Each month, we at FilmHounds take a look at a director’s back catalogue and pick their lowest rated film on Rotten Tomatoes and ask ourselves – why? Why is it their least loved among critics? Regardless, we attempt to see the good in it.

This Month: Ridley Scott’s A GOOD YEAR (2006)

Rating: 25%

There is no denying the love that the film community holds for Sir Ridley Scott. When your sophmore feature film is something as masterful as Alien, you know you are going to be scorched into the film loving world forever. Yes, Scott has made a solid grounding in science fiction films, thanks to the aforementioned horror film as well as the likes of Blade Runner, but he’s also mastered historical epics, intimate character studies and true life stories all the same. There is however one genre that Scott perhaps is not well adept in – comedy. Though the Golden Globes designated The Martian a comedy in 2016, because it happens to be witty in places, it’s very clearly a science fiction adventure film that happens to raise a chuckle or two. In fact, looking at his filmography his only other foray into broad comedy is 2006 rom-com A Good Year.

A Good Year is a very simple premise, Max Skinner (Russell Crowe) is a cynical stock broker in London who must travel to his uncle’s vineyard in the South of France upon his death to settle the books and sell it off. Once there his memories of summers spent with his eccentric uncle flood back and a romance is kindled between him and a childhood friend Fanny (Marion Cotillard).

There is no denying the skill with which Scott can shoot a film. Whether it’s the desert planes of Nevada, futuristic visions of cities or the ancient kingdoms long gone, Scott can build worlds with his vision that few filmmakers can hope to achieve. The term “visionary” is very easily applied to Scott; he sees his films visually and it shows, but it also underlines that he perhaps doesn’t have the best eye for a good screenplay. Marc Klein, who adapted the script for A Good Year from Peter Mayle’s novel, has a very simple premise to contend with, one of a cynic becoming a believer, coupled with a few fish-out-of-water gags. But his bizarre choice is to include an entire subplot about insider trading that shoehorns in an over-the-top Kenneth Cranham and Rafe Spall.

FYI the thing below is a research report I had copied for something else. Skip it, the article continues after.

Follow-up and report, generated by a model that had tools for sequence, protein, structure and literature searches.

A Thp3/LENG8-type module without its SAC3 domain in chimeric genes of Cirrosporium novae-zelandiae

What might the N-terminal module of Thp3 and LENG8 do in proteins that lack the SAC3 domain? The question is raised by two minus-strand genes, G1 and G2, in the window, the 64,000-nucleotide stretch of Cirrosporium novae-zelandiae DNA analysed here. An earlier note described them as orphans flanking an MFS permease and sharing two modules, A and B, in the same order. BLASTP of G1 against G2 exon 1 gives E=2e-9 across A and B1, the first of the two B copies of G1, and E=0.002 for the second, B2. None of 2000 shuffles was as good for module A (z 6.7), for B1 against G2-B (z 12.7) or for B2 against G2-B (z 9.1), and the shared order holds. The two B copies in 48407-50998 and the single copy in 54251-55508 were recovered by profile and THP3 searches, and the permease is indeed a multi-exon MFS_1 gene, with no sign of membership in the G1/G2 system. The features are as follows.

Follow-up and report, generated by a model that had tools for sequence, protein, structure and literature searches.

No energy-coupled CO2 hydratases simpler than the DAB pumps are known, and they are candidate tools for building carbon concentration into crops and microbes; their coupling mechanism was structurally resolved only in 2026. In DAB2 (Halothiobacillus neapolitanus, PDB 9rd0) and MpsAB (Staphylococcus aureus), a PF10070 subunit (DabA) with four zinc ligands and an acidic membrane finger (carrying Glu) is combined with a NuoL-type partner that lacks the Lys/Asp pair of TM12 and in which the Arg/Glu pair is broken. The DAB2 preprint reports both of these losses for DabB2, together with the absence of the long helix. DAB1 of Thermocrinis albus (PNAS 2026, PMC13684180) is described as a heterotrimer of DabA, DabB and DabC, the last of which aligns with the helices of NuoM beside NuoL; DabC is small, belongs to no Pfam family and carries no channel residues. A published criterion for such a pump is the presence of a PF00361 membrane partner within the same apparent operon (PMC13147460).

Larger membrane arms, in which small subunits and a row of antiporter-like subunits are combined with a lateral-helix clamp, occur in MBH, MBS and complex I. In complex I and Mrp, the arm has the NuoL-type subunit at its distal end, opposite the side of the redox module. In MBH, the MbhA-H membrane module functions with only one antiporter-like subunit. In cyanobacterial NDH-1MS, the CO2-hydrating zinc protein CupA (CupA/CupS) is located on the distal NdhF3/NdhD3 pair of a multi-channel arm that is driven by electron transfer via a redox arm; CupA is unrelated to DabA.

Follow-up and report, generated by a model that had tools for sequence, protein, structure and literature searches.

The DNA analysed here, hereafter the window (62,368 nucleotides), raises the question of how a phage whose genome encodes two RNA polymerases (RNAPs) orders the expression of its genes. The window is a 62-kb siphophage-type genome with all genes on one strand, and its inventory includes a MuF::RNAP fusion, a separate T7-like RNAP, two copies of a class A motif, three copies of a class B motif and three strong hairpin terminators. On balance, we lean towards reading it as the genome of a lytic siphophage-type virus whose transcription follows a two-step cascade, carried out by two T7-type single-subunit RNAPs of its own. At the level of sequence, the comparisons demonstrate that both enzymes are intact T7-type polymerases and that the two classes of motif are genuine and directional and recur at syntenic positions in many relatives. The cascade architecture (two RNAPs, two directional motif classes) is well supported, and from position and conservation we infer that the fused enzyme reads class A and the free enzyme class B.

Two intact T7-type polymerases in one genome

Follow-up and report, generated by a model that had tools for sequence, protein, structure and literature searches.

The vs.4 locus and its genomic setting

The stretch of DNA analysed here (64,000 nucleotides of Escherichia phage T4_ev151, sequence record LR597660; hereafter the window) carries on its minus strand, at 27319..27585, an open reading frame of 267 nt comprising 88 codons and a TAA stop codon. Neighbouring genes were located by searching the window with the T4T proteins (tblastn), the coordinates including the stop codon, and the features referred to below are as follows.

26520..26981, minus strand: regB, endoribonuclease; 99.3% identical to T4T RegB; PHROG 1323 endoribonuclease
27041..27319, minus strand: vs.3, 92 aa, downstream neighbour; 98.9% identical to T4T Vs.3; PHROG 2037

Rather what the film does best is to set up a few warring issues – the budding romance between Max and Fanny, the parentage of American visitor Christie (Abbie Cornish), her budding romance with Max’s friend Charlie (Tom Hollander) and the issue of the terrible sour grapes that make for awful tasting wine. When the film focusses on this it could be easily a very likeable film, one that charms you with the rich colours, and choice soundtrack as well as the kind of easy rapport that old-fashioned romantic comedies do best.

The cast are – but for one – perfectly cast. Marion Cotillard is full of easy charm as Fanny Chanal, the person who looks to bring Max back to his more carefree and charming childhood ways, both Abbie Cornish and Tom Hollander know how to play brash American and stuffy Brit perfectly, and there’s no denying that this sort of eccentric old guy is a role made for Sir Albert Finney – who relishes running around swashing wine in a pair of shorts. The issue is that for all his talent and screen presence, Russell Crowe can’t really do comedy, or rather, he’s not equipped for rom-coms. Crowe can do black comedy – see The Nice Guys – but not only is his accent a little iffy, he lacks the ease of bumbling British comedy that would be better suited to say Hugh Grant (clearly Crowe borrowed Grant’s Four Weddings hair), or Colin Firth, or even Jude Law. These are actors with an ease at playing those roles while Crowe goes for a sense of realism which can’t exist in a rom-com of this nature.